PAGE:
Rory applied to Seton Hill College based on her great-aunt Sophie Devanoy’s suggestion and quietly mailed the application, along with the ones for the schools Isadora chose for her. All but Seton Hill rejected her.
“Julie’s going to St. Avoline’s in Beaumont. I don’t understand why they rejected you. I’ll have to have Charles pull a few strings to get you in.” Isadora said the day the Seton Hill acceptance letter arrived with the Beaumont denial.
“St. Avoline’s doesn’t want me,” Rory replied carefully, tossing the letter into the fireplace. She watched the flames lick at the pages that asked – just as every other school had asked – for her to send her high school transcripts so that they could process her application. When the letter was nothing but ashes, she sat down in a leather armchair across from her mother and waited, studying the hunter green walls and mahogany paneling. She reread the spines of the books on the shelves behind her mother, all of them belonging to her father. Homer. Swift. Twain. Faulkner. Her love of reading came from him. Before he died, when they were children, she and her older brother Robert would sit with him while he read those classics aloud. Her mother would sit in the same room, reading her own novels and smiling at the cozy picture they made. You three look so perfect, she would say, her voice warm, approving. Looking up at her, Rory would smile as well and snuggle closer to her father. Isadora hadn’t touched the study since his death, something that Rory was grateful for. Here she felt closer to him, better able to stand up to her mother and her demands.
“I don’t understand how you can just give up on family tradition to attend some obscure college,” said Isadora, interrupting Rory’s memories. “If it wasn’t for me, you would be scraping pennies together to go to some community college. I worked too hard for you to throw it all away on some God-forsaken school in the middle of nowhere. You could have the seat on the Haverly board of directors; the seat that I took over so that you could inherit it once you finished school. Your father, God rest his soul, would have wanted to see his only daughter take his place.”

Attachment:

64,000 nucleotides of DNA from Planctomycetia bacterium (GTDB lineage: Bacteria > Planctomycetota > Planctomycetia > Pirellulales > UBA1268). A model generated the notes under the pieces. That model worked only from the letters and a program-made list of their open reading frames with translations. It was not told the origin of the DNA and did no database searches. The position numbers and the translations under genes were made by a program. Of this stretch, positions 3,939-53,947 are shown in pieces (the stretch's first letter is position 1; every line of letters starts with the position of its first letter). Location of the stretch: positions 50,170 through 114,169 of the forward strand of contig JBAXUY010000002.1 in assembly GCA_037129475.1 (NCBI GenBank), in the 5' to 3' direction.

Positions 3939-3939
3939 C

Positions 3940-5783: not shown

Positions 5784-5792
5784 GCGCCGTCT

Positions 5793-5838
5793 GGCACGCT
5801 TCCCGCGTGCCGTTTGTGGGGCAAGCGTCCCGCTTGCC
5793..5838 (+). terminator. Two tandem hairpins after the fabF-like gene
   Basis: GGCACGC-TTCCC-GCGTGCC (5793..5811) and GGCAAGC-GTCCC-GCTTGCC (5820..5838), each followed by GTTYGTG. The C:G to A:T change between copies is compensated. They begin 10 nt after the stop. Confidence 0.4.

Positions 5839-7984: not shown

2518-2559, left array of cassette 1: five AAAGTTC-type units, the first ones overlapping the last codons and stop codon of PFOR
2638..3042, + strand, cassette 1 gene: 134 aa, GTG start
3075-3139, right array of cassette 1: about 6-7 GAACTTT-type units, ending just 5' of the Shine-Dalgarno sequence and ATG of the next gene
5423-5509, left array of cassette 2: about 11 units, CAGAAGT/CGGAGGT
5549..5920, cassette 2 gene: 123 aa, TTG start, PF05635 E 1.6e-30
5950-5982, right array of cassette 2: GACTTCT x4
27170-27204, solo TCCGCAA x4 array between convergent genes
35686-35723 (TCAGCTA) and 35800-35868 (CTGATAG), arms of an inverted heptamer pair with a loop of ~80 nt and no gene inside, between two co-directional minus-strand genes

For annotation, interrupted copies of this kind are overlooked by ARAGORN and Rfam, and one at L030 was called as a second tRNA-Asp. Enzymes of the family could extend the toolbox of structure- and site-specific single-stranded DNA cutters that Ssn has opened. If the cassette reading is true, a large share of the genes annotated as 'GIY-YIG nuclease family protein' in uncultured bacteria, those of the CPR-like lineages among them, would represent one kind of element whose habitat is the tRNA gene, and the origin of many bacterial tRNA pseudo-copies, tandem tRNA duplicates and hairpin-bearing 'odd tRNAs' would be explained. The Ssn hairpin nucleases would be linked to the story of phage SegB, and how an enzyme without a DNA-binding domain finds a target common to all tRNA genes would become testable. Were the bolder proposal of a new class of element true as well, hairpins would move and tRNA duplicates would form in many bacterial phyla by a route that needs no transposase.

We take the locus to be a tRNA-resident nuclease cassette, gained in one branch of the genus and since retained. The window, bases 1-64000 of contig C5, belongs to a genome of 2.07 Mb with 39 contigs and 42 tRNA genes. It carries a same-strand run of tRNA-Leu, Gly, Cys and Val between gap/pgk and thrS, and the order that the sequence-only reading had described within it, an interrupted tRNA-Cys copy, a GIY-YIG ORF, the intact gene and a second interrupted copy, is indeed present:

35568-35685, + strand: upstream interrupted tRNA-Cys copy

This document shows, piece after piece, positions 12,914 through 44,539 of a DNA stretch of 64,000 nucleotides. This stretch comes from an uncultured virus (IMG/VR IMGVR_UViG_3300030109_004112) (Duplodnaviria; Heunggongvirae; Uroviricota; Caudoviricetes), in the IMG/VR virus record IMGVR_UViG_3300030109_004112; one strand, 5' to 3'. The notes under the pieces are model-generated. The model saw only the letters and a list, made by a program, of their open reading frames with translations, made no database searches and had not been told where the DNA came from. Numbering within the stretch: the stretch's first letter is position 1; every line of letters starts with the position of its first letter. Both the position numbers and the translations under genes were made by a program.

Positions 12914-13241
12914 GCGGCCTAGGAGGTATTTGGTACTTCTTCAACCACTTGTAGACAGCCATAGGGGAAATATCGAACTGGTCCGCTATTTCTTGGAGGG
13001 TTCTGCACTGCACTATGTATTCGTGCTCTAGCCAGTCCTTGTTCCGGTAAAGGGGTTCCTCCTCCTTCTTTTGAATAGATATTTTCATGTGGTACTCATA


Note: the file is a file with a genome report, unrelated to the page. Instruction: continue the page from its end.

Rory sat silently, watching the fire, and refusing by her silence to give her any added ammunition. She refrained from reminding Isadora that Dad had wanted Robert to take that seat. But Robert was dead. She, Rory, was all that was left. The favored child by default.
“I know Sophia is behind this. How are you going to do anything with your life if you follow your aunt’s whims? She went there and look at her!” Isadora was pacing now. “Look at her! An old woman no man wanted after her husband died. No children, nothing to recommend her but money – and you see how far that got her. You have a responsibility, Aurora. You’re the only one left to carry on the Haverly name.”
Rory forced her fingers not to grip the arms of the chair and continued to stare at the fire while her mother wrung her hands and continued about her obligations to dead relatives and tradition. Aunt Sophie had warned her that this would happen. And the knowledge somehow helped the words hurt less.
“You’re going to come to nothing! Nothing. You know that, don’t you? How can anyone make a real life writing? Thank God your Haverly grandparents aren’t alive to see the mess you’re about to make of your life! They’re probably spinning in their graves.”
“I’m sure they’re both twirling madly. Are you finished, Mother?”
“That’s right, Aurora, just block it all out. Detach yourself from this mistake, too, and pretend that nothing is happening.” The knot in Rory’s stomach tightened. “Don’t think I’m paying for this, by the way. I’m not throwing my money away just because you’re determined to ruin your life.”
“You don’t have to. Aunt Sophie said she would help me.”
Anger flooded Isadora’s face. “You’re nothing but an ungrateful young woman. All you think about is yourself. Go to that school then. Go study and write your little novels that no one will read; just don’t put me in it as the bad guy.”
When Rory looks back at everything, she thinks that it was her need to escape that made her accept when Paul came to her and asked her to be his. “Give me a chance, Aurora. Let me take care of you. Let me show you how good I can be for you.”
Perhaps, too, it was revenge on her father and brother for leaving her. A way to show her mother that she wasn’t a failure after all. Perhaps a bit towards Julie as well, if she wanted to be honest with herself. Irrational as it seemed, she couldn’t shake the sense that there was a touch of rage dictating her acquiescence when Paul eventually slid a two-carat diamond on her finger, promised her the world, and begged her to say yes.
I’ll show you all.